If a company/close corporation is in financial trouble and all possible avenues to save the business have been exhausted, there is one last option available to save the business: it can lodge an application for business rescue at the CIPC. In order to qualify for business rescue proceedings, the business must satisfy the requirements as set out in the next paragraph.
A company/close corporation will only be considered as a business rescue candidate if all three of the following requirements are met:
- The decision to start business rescue proceedings must be taken before any liquidation proceedings have been instituted against the business.
- The business is financially distressed.
- A business is seen as financially distressed if:
- It seems reasonably unlikely that the business can pay its debts in the normal course of business for the next six months, or
- It seems reasonably likely that the business will be insolvent in the next six months.
- There seems to be a reasonable chance of rescuing the business.
What is the aim of a business rescue plan?
The aim of placing a company/close corporation under business rescue is to give the business some breathing space to implement the business rescue plan and give the business a fair chance to become a going concern again.
Alternatively, if the business is liquidated despite the business rescue proceedings, the aim is to hopefully have a higher return available for the creditors and shareholders than would have been the case if the business was liquidated before undertaking any business rescue proceedings.
To give a business the maximum chance of recovering its finances and to continue operating as a solvent enterprise, the business rescue plan normally restructures a business’ assets, liabilities and equity, as well as its way of doing business.
Who can be appointed as a business rescue practitioner?
There is a list of licensed business rescue practitioners available on the CIPC’s website.
What does a business rescue practitioner do?
The appointed business rescue practitioner will investigate the business’ situation and propose a business rescue plan. After the business rescue plan has been approved by the creditors and shareholders, the business rescue practitioner will implement the plan. The reason why the creditors and shareholders must approve the business rescue plan is that they will withhold their rights against the business to claim payment as long as the business is operating under the business rescue plan.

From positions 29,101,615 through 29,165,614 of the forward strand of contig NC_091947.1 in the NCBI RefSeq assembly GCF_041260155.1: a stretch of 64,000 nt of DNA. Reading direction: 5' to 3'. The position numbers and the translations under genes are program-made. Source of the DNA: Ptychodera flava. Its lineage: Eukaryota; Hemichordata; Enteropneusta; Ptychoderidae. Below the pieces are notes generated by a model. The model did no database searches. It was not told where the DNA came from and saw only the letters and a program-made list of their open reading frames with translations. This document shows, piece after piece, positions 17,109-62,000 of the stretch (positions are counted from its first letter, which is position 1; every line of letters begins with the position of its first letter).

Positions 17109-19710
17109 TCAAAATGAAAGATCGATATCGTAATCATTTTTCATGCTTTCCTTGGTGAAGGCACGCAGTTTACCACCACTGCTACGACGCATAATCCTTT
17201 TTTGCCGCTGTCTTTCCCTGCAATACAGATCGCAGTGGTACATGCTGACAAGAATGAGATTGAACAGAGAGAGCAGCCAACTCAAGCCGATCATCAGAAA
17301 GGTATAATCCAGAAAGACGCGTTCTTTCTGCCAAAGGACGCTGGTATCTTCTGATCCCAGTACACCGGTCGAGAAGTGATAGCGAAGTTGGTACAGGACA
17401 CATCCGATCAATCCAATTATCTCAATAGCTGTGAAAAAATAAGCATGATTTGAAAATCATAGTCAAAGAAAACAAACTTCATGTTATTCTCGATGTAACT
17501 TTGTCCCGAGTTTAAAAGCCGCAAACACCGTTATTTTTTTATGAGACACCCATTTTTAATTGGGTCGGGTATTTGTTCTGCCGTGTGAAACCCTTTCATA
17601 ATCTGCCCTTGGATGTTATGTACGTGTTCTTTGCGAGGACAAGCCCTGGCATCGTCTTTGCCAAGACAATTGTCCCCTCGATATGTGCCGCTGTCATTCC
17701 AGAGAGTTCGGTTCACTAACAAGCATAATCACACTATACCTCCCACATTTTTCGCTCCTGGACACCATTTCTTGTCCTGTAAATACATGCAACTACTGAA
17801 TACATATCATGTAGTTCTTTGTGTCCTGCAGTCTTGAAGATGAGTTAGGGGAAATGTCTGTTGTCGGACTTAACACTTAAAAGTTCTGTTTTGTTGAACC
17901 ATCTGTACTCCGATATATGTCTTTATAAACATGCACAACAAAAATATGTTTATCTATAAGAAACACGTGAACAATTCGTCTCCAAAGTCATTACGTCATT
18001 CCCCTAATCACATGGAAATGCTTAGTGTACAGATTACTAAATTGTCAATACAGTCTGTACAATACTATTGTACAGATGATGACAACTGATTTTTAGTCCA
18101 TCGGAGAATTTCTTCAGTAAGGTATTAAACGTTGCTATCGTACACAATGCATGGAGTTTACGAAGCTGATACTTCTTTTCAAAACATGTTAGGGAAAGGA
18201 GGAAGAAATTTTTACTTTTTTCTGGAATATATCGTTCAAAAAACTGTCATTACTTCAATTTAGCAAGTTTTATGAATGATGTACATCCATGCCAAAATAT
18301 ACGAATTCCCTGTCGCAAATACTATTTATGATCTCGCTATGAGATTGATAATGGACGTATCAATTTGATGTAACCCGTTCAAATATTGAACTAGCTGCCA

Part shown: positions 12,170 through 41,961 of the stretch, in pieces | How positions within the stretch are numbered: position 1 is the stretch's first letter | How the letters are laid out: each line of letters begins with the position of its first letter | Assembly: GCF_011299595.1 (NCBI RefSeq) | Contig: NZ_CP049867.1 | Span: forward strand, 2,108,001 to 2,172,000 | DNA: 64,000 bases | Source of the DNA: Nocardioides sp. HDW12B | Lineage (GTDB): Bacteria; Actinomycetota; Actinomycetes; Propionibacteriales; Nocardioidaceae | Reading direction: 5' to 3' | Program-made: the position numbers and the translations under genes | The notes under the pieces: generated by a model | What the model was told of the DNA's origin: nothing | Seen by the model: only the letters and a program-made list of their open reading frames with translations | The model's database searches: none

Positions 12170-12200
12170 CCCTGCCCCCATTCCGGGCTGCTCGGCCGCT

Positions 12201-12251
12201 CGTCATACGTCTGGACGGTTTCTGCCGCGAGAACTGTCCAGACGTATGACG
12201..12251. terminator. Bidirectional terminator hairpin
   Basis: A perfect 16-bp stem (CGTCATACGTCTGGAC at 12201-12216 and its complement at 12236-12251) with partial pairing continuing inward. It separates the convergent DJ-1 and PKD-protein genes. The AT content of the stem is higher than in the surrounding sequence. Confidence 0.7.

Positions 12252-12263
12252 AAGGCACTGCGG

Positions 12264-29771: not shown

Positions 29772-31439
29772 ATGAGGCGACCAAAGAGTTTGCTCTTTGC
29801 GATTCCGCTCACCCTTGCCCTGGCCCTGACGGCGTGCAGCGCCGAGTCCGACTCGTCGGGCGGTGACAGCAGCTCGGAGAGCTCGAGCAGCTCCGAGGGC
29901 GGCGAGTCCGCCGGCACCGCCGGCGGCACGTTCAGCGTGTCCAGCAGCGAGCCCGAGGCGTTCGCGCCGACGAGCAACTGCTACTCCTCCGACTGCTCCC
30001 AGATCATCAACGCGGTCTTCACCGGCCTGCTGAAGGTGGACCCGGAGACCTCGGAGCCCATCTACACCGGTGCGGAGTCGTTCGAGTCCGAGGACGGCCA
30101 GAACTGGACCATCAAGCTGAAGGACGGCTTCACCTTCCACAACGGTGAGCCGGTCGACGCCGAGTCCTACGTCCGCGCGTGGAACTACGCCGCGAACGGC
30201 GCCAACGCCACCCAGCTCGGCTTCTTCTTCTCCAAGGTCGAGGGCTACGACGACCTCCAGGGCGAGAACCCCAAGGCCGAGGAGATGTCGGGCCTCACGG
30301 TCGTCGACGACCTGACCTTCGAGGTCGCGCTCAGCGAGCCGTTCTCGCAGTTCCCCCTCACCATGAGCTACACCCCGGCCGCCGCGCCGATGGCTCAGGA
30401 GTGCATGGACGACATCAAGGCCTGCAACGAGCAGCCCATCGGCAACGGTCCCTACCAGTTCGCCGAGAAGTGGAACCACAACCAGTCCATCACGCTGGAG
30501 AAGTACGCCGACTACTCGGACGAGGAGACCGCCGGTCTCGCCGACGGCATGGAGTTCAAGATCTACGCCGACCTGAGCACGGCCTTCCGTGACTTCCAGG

After implementing the business rescue plan, the business rescue practitioner will temporarily oversee and manage the business together with the current management.
The business rescue practitioner also takes over dealing with the creditors and shareholders. In addition, the business rescue practitioner will communicate with registered trade unions which represent employees of the business. If there are employees who are not members of any registered trade union, the business rescue practitioner will deal with these employees or their representatives as well.
The first step to start with a business rescue is for a business to file a notice with the CIPC that it wants to start with business rescue proceedings. The rest of the business rescue process and the business rescue documents which are required to be submitted to the CIPC, is set out on the CIPC’s website.
This article is a general information sheet and should not be used or relied on as legal or other professional advice. No liability can be accepted for any errors or omissions nor for any loss or damage arising from reliance upon any information herein. Always contact your legal adviser for specific and detailed advice. Errors and omissions excepted (E&OE)